Best Buy Takes Flak In Canada Day Culture War

Best Buy (NYSE:BBY) found itself caught in a Canadian cultural crossfire last week in its efforts to avoid annoying some customers on Canada Day, the holiday marking the founding of the nation.

That day is July 1, and Best Buy printed up Canada Day sale advertising flyers in Ontario. But in Quebec, where the French-speaking majority has had a long-testy relationship with the rest of the country (and its own Quebec National Holiday on June 24), Best Buy printed Moving Day flyers. Moving Day, which also falls on July 1, is the day when residential leases are legally required to begin in Quebec, and it dates back to the days when Quebec was under French control.

Best Buy has been issuing the dueling July 1 flyers for five years, but this year some English-speaking commentators objected.

One, at an English-language TV station in Montreal, called it "nothing short of shameful" and added, "To have a big box corporation from the U.S. tell us that our national holiday takes a back seat to the annual ritual of address changing is an insult. Can you imagine if they did the same thing in America? And then tell us they regret the misunderstanding? No it's not a misunderstanding. We get it."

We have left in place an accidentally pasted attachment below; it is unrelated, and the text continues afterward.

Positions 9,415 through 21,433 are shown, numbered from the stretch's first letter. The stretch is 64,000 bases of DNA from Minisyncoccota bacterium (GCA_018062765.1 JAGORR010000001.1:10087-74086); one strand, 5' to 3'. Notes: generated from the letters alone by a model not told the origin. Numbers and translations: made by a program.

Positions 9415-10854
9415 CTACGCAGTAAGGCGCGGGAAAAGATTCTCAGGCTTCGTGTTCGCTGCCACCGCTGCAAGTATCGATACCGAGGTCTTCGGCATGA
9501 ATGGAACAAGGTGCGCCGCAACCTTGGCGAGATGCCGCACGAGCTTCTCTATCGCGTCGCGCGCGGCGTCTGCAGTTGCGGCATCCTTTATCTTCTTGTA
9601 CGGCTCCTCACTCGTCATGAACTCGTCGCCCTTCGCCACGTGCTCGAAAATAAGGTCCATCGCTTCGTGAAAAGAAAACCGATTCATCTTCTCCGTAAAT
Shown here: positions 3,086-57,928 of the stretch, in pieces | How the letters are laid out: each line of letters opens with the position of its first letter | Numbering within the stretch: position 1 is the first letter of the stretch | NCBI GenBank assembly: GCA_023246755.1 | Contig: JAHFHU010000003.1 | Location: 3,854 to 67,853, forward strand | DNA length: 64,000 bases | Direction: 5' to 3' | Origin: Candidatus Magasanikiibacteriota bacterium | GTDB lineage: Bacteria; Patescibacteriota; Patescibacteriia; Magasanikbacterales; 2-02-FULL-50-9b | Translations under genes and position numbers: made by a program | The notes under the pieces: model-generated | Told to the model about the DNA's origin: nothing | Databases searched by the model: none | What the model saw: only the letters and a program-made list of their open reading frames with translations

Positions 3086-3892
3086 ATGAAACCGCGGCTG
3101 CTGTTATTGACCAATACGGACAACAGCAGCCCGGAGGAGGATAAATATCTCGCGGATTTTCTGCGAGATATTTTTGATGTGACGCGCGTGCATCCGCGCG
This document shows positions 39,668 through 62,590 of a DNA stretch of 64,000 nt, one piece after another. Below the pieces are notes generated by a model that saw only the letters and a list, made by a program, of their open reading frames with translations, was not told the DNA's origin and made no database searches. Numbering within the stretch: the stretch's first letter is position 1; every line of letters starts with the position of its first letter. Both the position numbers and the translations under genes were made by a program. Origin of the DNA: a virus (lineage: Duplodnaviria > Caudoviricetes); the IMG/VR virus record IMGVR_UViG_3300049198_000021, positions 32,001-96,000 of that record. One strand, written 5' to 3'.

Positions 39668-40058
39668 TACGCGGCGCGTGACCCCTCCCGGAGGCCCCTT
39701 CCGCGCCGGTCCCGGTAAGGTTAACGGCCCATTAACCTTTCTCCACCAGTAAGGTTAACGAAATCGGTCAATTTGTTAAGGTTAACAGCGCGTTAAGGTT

Best Buy, for its part, did its best to smooth over the situation. But in the midst of what some Canadian retailers see as an American invasion, with Target (NYSE:TGT) set to open 124 stores across the country in 2013 and Nordstrom (NYSE:JWN) set to expand there next year, the electronics chain is caught in the middle of two cultural fights: Quebec vs. Canada and Canada vs. the U.S.

Was there a way of navigating both those minefields successfully? Probably not. No matter what Best Buy did, some group was likely to be infuriated.

But despite its standard PR "sorry for the misunderstanding" apology, at least it's clear that Best Buy can count. Roughly 80 percent of Quebec's population uses French as its dominant language. If you have to choose sides in a culture war, you might as well go where the customers are.

For more:

- See this CTV Montreal story

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